Today in Apple history: Apple-1 starts a revolution

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Apple-1
The Apple-1 in all its glory!
Photo: Auction Team Breker

April 11: Today in Apple history: Apple-1 launches. It's the First Apple computer. April 11, 1976: Apple releases its first computer, the Apple-1.

Designed and hand-built by Steve Wozniak, the computers are sold wholesale by “Steven” Jobs. To finance their manufacturing, Wozniak sells his HP-65 calculator for $500, while Jobs sells his VW van. Years later, in 2014, a working Apple-1 will sell at auction for $905,000.

Today in Apple history: Homebrew Computer Club meets for first time

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Steve Jobs and Steve Wozniak make important connections at the Homebrew Computer Club.
Steve Jobs and Steve Wozniak learned valuable lessons at Homebrew.
Photo: Apple

March 3: Today in Apple history: Homebrew Computer Club meets for first time March 3, 1975: The Homebrew Computer Club, a hobbyist group that helps spark the personal computing revolution, holds it first meeting in Menlo Park, California.

It becomes a welcome forum for computer geeks at a time when few others cared. And regular attendee Steve Wozniak and his friend Steve Jobs will eventually show off the first Apple-1 unit at the club.

Today in Apple history: The Byte Shop, Apple’s first retailer, opens

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Paul Terrell founded The Byte Shop on his birthday.
Paul Terrell founded The Byte Shop on his birthday.
Photo: NextShark/Paul Terrell

December 8: Today in Apple history: Early computer store The Byte Shop, Apple's first retailer, opens December 8, 1975: San Francisco Bay Area entrepreneur Paul Terrell opens The Byte Shop, one of the world’s first computer stores and the first to sell an Apple computer.

Years before Apple would open its own retail outlets, the Byte Shop stocks the first 50 Apple-1 computers built by Steve Jobs and Steve Wozniak.

Handwritten Steve Jobs document fails to sell at auction

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Jobs document
A section of the Steve Jobs Apple-1 spec sheet, with two Polaroids.
Photo: Bonhams

A vintage handwritten spec sheet in which Steve Jobs called the Apple-1 motherboard a “great deal” has failed to sell at auction.

The document, written in the mid-1970s, was up for auction as part of Bonham’s “History of Science and Technology, Including Space History” collection. Its asking price was $60,000. However, the bidding “only” reached up to $28,000, thereby failing to meet its reserve. A couple of historical Apple items did sell, but for less than expected.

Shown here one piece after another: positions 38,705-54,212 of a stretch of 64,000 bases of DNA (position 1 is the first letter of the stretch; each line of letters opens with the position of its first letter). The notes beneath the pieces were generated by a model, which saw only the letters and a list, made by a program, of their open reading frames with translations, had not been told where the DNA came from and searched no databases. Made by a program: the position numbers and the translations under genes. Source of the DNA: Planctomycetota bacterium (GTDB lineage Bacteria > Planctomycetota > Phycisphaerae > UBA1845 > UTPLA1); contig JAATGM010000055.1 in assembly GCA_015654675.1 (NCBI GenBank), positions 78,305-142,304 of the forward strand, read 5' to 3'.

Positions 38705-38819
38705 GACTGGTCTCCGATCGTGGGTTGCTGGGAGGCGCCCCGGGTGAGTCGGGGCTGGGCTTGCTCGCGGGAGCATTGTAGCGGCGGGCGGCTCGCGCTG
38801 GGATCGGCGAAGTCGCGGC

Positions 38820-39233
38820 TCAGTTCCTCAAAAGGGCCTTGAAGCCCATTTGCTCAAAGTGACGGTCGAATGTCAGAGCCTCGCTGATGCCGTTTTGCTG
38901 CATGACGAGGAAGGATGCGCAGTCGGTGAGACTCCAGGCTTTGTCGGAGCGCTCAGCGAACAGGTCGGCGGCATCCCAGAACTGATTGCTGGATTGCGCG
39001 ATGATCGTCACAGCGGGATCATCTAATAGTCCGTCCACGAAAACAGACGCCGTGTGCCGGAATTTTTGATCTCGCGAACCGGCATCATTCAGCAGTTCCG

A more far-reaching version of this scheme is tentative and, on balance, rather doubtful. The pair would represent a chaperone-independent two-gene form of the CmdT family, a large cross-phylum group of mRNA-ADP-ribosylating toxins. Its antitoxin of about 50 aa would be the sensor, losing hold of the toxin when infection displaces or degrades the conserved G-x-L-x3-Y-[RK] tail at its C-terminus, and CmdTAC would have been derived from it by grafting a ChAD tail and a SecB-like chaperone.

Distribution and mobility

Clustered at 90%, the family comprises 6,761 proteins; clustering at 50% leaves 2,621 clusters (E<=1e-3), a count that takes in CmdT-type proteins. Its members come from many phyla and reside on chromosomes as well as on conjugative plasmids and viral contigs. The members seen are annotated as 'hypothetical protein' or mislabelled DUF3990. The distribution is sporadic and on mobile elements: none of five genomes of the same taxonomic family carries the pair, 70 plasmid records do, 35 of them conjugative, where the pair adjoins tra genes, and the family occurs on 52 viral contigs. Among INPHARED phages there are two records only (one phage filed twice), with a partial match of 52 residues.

Working Apple-1 sells to mystery buyer for $375,000

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RR Auction 1
The computer sold to a mystery buyer online.
Photo: RR Auction

A rare working Apple-1 computer, one of just 200 built by Steve Jobs and Steve Wozniak in 1976, has sold at auction for $375,000.

The computer is thought to be just one of only around 15 Apple-1 models still in working order. The auction took place in Boston, MA, on Tuesday. The buyer was an “anonymous businessman,” who placed his bid online.

Today in Apple history: Unique Apple-1 computer sells for big money

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Steve Wozniak shows off a
Steve Wozniak shows off a "Celebration" model Apple-1, the rarest version of Apple's rarest computer.
Photo: Charitybuzz

August 25: Today in Apple history: Rare Celebration Apple-1 computer sells for big money August 25, 2016: An ultra-rare Apple-1 computer raises $815,000 in a charity auction, one of the highest prices ever paid for one of the machines. Bidding actually reaches $1.2 million in the auction’s final minutes. However, that bid gets pulled seconds before a winner is announced.

The reason for the super-high price? This “Celebration” Apple-1 boasts a feature that did not appear on any production models of the computer.

Steve Jobs’ ‘Blue Box’ will go on display in Michigan

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blue box 1
Building and selling Blue Boxes was one of the first collaborations between Steve Jobs and Wozniak.
Photo: Bonham's

If you want to check out Steve Jobs and Steve Wozniak’s first ever product, book your travel to Michigan now!

That’s because The Henry Ford museum in Dearborn has acquired a rare 1972 Blue Box in an auction in New York City, and will be displaying it soon. The illicit device, which pre-dates the Apple-1 by four years, allowed users to make free long-distance phone calls by reproducing specific dial tones.

$800,000 might snag you Apple’s first computer

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Apple 1 computer
The Apple-1 was Apple's debut computer.
Photo: CharityBuzz

Ever wanted to get hold of Apple’s rarest computer, and have enough cash to purchase a good-sized family home in many parts of the U.S. to buy it with? Then you may be interested in CharityBuzz’s new auction for one of the very first Apple-1 computers ever built.

Originally owned by a friend and associate of Steve Wozniak, Adam Schoolsky, the Apple-1 in question is one of less than 60 believed to still in existence.

Modified Apple-1 will go up for auction later this month

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a_working_apple-1_personal_computer_palo_alto_1976_d6082916_006g
Have a spare $500k sitting around? This could be yours.
Photo: Christie's

A working Apple-1 computer will go under the hammer at a Christie’s auction later this month, with an estimated value of between $300,000 and $500,000.

Not only is the Apple-1 motherboard one of relatively few working units still in existence in 2017, but it also includes some unusual modifications by its original owner — with the original 4K of RAM boosted up to a whopping total of 12K.